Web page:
September 13, 2009,
J.M. asks from Big Lake, MN on August 29, 2009
7-Year-Old Boy with Armpit Odor
Last night after my 7-year-old son took a shower, I noticed that his armpits still smelled bad. I thought perhaps he had not cleaned himself well after playing soccer and outside with friends the past couple of days. I had him take another shower this morning and stood outside the shower and watched while he cleaned his armpits. He did a thorough job. After the shower I smelled his underarms again and they still stink! Does he need deodorant? Would deodorant soap work (he uses unscented Dove now because of sensitive skin when he was younger). Is this normal at such a young age? Thanks for any advice/answers you may have!
S.S. answers from Minneapolis on September 06, 2009
I am having the same problem with my son...only my son is 5. We saw a Dr last friday and she is sending us to Childrens in St Paul for testing to rule out any medical issues. In the mean time she told me to cut down on red meats and drink electrolytes. She also mentioned saltine crackers for snack before bed (something to do with the salt). She also mentioned that he should wear a deodorant only since antiperspirant can irritate children. I found one at Target today (Tom was the brand name on it) and it was fragrance free.
J.R. answers from Davenport on August 30, 2009
If you are worried about using a "real" deodorant/anti-persperant on him, perhaps you could start him with the Crystal deodorant: http://www.walgreens.com/store/store/product/product_deta...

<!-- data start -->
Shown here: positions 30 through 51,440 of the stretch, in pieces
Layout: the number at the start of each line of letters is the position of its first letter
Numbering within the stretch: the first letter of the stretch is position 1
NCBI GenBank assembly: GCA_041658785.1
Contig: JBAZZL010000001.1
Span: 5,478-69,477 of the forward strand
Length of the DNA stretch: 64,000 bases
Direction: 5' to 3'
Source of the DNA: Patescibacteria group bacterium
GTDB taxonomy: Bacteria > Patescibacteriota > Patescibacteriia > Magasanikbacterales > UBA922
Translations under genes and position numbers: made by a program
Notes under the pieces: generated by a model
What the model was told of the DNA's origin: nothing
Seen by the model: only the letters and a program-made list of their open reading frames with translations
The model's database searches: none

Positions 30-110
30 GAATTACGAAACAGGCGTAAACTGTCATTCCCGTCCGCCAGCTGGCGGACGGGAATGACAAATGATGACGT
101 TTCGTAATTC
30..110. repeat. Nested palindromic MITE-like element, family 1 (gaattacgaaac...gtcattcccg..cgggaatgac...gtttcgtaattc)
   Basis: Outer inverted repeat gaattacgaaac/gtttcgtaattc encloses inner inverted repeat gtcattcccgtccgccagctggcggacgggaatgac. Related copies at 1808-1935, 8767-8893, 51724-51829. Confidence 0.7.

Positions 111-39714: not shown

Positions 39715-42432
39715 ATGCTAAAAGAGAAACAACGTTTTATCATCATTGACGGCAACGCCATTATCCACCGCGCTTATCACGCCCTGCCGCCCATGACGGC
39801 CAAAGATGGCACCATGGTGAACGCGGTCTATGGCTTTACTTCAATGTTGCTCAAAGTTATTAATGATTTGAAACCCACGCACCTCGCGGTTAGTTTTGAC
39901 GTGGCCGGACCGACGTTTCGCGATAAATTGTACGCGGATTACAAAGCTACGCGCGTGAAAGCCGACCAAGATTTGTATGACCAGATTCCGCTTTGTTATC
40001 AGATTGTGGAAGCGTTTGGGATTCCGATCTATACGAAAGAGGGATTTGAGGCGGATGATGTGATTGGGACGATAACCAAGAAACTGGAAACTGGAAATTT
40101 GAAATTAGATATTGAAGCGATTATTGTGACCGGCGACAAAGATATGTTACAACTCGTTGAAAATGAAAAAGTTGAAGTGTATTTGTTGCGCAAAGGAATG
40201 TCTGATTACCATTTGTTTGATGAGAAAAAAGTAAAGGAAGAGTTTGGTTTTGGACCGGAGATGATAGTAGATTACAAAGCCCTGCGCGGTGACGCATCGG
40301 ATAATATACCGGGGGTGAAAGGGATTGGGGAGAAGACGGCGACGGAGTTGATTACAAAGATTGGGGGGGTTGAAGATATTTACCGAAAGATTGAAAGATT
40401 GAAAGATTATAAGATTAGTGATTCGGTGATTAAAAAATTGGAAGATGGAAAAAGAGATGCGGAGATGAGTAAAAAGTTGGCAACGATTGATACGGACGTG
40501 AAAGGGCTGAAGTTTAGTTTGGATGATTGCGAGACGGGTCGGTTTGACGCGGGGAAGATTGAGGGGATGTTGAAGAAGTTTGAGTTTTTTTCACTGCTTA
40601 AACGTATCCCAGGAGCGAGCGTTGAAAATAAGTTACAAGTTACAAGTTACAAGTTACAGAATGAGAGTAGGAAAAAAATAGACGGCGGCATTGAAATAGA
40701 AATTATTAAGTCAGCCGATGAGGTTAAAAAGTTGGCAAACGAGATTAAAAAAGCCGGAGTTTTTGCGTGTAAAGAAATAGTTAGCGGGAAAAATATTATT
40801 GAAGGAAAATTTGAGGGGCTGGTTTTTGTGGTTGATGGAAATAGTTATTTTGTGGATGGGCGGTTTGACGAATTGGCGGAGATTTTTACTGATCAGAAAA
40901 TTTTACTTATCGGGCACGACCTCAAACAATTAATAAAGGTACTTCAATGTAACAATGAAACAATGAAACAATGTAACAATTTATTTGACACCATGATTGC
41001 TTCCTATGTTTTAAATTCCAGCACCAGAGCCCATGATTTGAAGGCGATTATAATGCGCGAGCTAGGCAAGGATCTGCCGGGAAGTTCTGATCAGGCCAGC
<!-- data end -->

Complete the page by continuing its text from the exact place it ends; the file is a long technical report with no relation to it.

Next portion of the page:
it is unscented (so it wouldn't irritate sensitive skin) and hard, rock-like, but smooth, you wet it right after your shower and rub it under arms and you can use it on feet too....
Here is the product description:
All natural protection.
Fragrance & paraben free.
No aluminum chlorohydrate.
Natural deodorant protection.
Crystal Body Deodorant is made of 100% natural mineral salts which eliminate odor by leaving an invisible protective barrier against odor-causing bacteria.
It is fragrance free, non-sticky non-staining, leaves no white residue and can be used by both men and women.
Crystal Body Deodorant can last up to a year of daily use. (Most people I have met that use this, have had it last longer than 2 years for one stick!)
Safe for the environment.
Endorsed by Cancer Treatment Centers.
Moisten the top of the stone and smooth under arms or soles of feet.
Must be applied to clean skin.
C.M. answers from Bismarck on August 29, 2009
I would confer with your pediatrician--armpit odor in anyone is from bacteria and I don't think it's "normal" for a 7 year old after he's cleaned himself there. It could be something as simple as a change in his diet, something with his allergies, or something bacterial. You'll feel better if you check it out!
A.H. answers from Davenport on August 30, 2009
Yep! It's deoderant time! :o)